These last 2 days I packed more Amber and more Dark maple syrup to keep inventories up for sales demand. December sales were my best ever, and so far this year sales, while slower have been good. I have a good stock in Amber, Dark and both sizes of bourbon barrel aged maple syrup.
I have another batch of bourbon barrel aged maple syrup almost ready to pack too. Since I introduced that product back in 2017 it has truly been a winner. In the beginning I had reservations about taking perfectly good maple syrup and putting it into recently emptied bourbon barrels to age. When I first started bottling the finished product I got lots of single bottle sales. Then shortly after I started getting quite a lot of multiple bottle sales (at that time I only offered the 200ml (6.76 fl oz) size).
Then about a year later, I decided to also offer a larger size, a 375 ml (12.7 fl oz). Most customers usually bought 1 of the smaller size for the first time they tried the product but repeat sales ended up being about half and half for size. I later added the possibility of (at discount price per bottle) for customers to buy whole cases of the bourbon barrel aged maple syrup. While only a few have bought whole cases, I have sold some that way. The 6.76 Fl Oz size comes 24 to a case and the 12.7 Fl Oz size comes 12 to a case. After the first year offering bourbon barrel aged maple syrup, my sales have been over 50% in that product (in dollar sales) in 2018 and 2019 and it looks to be over 50% in 2020.
I have had a few customers tell me they have had bourbon barrel aged maple syrup from other producers, but they like the perfect balance of flavor between the maple taste and the bourbon taste of mine. I contribute that to the fact that I don’t empty a barrel as it’s aging by the calendar, but more by taste. As it’s time gets near we open the oak barrel and draw a tiny sample to taste, if the taste is not perfect, we hammer the bung back in and test it again in 1-2 weeks. We only pack it when the taste is perfectly balanced. I feel this attention to detail gives us the best product possible.
Little or no alcohol in our bourbon barrel aged maple syrup
We end up with little or no alcohol in the bottled product. While the oak bourbon barrel had alcohol in it, and some of the maple sugars fermented while aging our process eliminates most if not all of the alcohol. When we empty a bourbon barrel , the aged maple syrup is pumped into a large piece of equipment called a finisher (2′ x 6′). We then heat it to about 200F, shut it off and let it set, even though the pan is covered evaporating alcohol escapes. Then 16-24 hrs later we again heat the aged maple syrup to 205-210 and at that point we send it thru our filter press, which removes all traces of the char that came from the inner surface of the barrel (the char is what gave the bourbon it’s color). The syrup is pumped thru the filter and sent to the bottler. The bottler is a water jacketed device that holds up to 18 gal of syrup, and is surrounded by water. The thermostat maintains a temperature of 186+/-1 degree F. There we let it set overnight, and if any alcohol remains it evaporates off. Then we are ready to bottle the finished product, but our first step is to taste a small sample of the syrup to confirm it meets our standards. So far this has worked perfectly.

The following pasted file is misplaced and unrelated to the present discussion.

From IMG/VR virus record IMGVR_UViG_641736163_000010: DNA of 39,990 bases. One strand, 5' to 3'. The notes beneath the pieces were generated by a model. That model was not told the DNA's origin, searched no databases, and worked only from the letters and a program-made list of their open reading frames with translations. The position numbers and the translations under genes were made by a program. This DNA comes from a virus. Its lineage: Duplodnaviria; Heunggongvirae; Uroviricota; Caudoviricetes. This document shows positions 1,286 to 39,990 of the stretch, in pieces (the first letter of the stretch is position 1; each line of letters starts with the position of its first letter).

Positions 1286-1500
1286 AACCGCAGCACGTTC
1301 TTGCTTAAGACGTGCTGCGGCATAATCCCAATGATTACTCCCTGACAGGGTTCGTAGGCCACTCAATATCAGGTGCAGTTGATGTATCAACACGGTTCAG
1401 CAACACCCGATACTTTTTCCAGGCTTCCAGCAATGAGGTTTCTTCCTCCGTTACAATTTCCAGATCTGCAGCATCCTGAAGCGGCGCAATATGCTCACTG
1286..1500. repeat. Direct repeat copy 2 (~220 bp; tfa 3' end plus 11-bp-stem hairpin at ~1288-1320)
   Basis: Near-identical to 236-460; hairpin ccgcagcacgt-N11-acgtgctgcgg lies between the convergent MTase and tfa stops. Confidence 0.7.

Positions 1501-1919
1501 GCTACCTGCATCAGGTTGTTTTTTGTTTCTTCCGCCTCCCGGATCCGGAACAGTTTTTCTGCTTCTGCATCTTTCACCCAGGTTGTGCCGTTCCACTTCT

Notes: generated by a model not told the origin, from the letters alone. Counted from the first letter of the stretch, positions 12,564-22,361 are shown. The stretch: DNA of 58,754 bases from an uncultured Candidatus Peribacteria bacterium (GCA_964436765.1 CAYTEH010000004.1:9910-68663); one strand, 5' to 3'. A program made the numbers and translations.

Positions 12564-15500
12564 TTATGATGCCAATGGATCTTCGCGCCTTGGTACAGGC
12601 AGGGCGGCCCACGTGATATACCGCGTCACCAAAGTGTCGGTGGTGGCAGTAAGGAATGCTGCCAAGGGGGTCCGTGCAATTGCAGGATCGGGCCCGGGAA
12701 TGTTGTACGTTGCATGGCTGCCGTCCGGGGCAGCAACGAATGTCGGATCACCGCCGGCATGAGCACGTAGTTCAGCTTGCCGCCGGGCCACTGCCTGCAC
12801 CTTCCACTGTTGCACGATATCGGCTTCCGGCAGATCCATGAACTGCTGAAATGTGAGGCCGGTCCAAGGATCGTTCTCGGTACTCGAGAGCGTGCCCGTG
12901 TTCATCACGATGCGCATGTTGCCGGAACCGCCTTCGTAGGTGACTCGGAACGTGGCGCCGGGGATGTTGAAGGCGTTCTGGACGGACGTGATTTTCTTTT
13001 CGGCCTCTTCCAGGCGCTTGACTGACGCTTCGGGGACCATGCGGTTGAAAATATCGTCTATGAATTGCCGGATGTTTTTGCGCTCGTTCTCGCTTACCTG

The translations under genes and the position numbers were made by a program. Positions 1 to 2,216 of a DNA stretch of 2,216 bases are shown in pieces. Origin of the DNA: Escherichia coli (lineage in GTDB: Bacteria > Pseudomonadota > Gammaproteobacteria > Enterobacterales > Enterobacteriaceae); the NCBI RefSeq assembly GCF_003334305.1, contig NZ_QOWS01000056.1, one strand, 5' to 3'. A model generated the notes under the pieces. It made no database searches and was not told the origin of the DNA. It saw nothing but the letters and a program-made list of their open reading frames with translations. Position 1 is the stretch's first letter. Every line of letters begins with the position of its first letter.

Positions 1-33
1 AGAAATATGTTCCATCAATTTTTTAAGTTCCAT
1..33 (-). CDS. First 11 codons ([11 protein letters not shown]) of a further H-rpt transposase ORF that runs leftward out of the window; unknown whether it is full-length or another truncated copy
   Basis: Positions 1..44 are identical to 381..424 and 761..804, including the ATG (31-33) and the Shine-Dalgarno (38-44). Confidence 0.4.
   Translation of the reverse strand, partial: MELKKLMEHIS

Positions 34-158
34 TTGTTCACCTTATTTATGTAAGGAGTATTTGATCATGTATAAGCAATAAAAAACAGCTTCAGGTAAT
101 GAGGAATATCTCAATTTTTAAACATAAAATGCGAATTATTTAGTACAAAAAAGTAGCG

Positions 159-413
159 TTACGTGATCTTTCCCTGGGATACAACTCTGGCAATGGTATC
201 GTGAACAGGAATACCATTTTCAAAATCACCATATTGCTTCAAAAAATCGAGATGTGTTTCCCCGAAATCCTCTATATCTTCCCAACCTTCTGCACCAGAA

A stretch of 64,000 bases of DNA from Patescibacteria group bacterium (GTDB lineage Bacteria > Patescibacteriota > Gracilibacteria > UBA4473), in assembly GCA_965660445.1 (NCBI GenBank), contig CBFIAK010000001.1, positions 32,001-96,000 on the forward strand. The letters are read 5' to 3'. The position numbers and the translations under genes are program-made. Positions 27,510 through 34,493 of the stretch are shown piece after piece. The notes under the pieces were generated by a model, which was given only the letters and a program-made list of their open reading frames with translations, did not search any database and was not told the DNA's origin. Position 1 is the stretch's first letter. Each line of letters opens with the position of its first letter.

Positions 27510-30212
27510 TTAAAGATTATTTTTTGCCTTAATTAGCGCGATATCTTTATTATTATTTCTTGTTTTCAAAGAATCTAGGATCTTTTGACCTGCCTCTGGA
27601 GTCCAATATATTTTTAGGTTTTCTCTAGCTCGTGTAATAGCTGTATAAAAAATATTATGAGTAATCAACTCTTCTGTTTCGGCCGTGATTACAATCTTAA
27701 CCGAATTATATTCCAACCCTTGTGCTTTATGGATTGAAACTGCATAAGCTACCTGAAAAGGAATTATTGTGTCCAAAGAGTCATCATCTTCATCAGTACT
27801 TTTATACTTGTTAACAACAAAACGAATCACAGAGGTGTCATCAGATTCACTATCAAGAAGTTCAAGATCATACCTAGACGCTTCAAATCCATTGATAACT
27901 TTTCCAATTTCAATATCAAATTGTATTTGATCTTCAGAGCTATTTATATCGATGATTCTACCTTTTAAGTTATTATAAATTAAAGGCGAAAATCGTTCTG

For those interested in the alcohol, sorry we will not change our process that has proven to be perfect. If you want a little kick, add your own bourbon .
In other matters, the new season will be upon us soon, might start in a week or 2, it all depends on the weather. We had lots of warm weather the last 6 weeks, but not enough freeze thaw cycles, those are needed to improve the sap sugar content. This weekend we likely will see the coldest temperatures of the winter. We have so far been doing repairs on the tubing that collects to sap. I think a week or 2 will give us the sap sugar we want. At that time, we will tap and start collecting the maple sap and prepare it for boiling into our tasty maple syrup. We are hoping for another great year.
2 thoughts on “bottled more syrup”
Really enjoy reading your blog posts, and your contributions on Maple Trader. Interesting to read about your bourbon maple process. I’m in Kentucky, and make some syrup but our season can be “tedious” and uncertain at times. I would love to be able to make enough syrup to make bourbon syrup. I think it would be a great seller here.
Dave Barker, aka fisheatingbagel on MapleTrader
Thanks for the comments. Mat I suggest you buy a 5 or 10 gal bulk syrup, and a recently emptied bourbon barrel and try it. I age a 5 gal barrel 3-3.5 months and a 10 gal 6-7 months. It sells well, or I do sell case lots if you check my website, which obviously you visited to read my blog. I have sold case lots to others, and I believe they are re-selling it, I don’t know how much they sell it for.